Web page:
Jo Lamble Notes from Keynote Presentation - BM 2016 Conference

Better Marriages Conference 2016

5-6 November, Kiama Baptist Church

                                                                                                               Survivor Kiama13921526 l





Jo Lamble Opening Keynote – Saturday  Don’t Just Survive – Thrive    


Don’t just survive – thrive

Summary notes


Jo Lamble


Download a PDF version of these notes


Jo Lamble presenting 1


















Commitment enables us to stay in a relationship for the long haul. But we all want to do more than just survive a long-term marriage. 

We want to thrive in that partnership. 

Nearly all relationships can improve. Good relationships can get stronger and struggling relationships can get better. 

But improvement takes a lot of work and it’s impossible to do the work without awareness of the issues. 

Once you are aware of any issues, you can open up a toolbox of strategies that will enable you to create the strongest marriage possible.


Without commitment, you won’t thrive or survive the long term. To me, commitment is a mindset that says: You are the person I have chosen to spend my life with and everything I do and say will reflect that decision.

Commit to your relationship by adopting these strategies:

·      Let your partner be the first person to hear any news, be it good or bad

·      Shut down any flirtation that has crossed the line

·      Stop the threats to leave

·      Take responsibility for your own bad moods or mistakes rather than turning them around on your partner

·      Having the difficult conversations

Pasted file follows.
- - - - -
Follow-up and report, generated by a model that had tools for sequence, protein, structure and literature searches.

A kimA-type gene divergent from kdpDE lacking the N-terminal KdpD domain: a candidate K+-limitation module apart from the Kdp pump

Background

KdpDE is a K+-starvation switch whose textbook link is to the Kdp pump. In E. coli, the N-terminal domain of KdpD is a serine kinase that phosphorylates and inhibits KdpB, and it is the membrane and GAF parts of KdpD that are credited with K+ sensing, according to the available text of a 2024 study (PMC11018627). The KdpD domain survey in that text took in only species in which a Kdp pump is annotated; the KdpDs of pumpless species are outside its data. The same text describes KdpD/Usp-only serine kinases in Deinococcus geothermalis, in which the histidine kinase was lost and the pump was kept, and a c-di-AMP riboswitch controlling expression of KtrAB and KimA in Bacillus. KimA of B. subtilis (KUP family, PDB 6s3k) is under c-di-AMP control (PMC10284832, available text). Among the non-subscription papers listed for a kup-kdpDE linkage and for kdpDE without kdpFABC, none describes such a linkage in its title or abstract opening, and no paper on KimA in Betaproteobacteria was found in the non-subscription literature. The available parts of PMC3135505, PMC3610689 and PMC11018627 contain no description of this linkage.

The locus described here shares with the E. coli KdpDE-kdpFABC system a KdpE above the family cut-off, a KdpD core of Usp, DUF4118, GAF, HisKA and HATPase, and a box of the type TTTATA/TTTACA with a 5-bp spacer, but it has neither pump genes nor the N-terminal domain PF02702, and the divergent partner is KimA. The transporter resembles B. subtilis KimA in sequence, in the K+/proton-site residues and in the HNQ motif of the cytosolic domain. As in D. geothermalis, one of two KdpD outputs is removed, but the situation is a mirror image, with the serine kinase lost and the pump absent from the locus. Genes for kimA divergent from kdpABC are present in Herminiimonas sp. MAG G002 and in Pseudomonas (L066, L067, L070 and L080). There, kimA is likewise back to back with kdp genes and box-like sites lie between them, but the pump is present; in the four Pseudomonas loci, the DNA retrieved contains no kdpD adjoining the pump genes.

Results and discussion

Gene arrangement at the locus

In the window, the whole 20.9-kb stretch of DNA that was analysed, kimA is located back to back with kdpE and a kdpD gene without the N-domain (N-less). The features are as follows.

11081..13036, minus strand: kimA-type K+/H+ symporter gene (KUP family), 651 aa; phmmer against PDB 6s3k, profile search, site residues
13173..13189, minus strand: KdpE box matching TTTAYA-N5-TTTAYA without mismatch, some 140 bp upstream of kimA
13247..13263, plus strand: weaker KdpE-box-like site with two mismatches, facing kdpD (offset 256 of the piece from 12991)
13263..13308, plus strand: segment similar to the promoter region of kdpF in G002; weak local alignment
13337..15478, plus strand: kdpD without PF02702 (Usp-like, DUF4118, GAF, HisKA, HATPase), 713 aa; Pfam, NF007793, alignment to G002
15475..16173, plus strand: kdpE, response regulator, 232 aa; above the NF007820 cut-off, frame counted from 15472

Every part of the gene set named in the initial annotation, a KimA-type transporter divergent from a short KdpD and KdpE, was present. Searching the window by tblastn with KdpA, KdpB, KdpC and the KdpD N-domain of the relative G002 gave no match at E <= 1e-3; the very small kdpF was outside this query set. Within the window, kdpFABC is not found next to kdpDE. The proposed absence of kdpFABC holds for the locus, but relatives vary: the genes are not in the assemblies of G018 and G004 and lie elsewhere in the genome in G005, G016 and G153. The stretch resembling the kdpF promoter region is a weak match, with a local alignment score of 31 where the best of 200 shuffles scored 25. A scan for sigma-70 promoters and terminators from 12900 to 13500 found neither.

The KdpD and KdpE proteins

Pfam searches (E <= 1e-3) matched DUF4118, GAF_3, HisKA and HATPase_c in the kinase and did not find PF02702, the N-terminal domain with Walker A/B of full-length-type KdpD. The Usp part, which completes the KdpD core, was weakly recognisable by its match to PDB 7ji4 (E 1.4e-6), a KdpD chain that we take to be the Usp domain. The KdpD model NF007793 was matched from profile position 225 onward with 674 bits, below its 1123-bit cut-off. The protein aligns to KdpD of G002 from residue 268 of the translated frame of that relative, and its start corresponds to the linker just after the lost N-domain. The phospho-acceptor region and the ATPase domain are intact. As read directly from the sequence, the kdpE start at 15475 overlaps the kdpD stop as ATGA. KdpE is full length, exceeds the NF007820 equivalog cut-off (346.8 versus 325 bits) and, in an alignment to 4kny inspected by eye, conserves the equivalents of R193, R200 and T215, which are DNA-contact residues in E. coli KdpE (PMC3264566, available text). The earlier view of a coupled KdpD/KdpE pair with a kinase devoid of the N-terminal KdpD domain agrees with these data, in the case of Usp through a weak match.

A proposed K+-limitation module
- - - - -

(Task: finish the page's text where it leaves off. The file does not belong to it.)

·      Not looking for greener grass

·      Not airing dirty laundry

Let your children teach you

Children bring us so much joy.  Sure they are exhausting and expensive, but almost all parents would say that they couldn’t imagine life without them.

But did you know that children can also be wonderful teachers? They teach us how to be patient, how to be tolerant, how to have fun and laugh.

Perhaps most importantly, children teach us how we should treat each other.

·      What do you do when your child is very upset?

·      How do you react when your child is being irrational?

·      How do you help your child when they have a problem?

·      What do you do when your child is nasty to you?

·      Do you forgive your child when they have done wrong?

·      What happens when your child says they need some time or space?

·      How do you ask your child for help around the house?

Most parents treat their children really well. 

They forgive them, they listen to them, and they give their child space when they want it. 

If we treated each other as well as we treated our children, we would all get along a lot better.

So the next time your partner upsets you or acts badly, imagine it was one of your children and try to respond accordingly. 

If you don’t have children, try pretending your partner is a good flatmate or a close friend.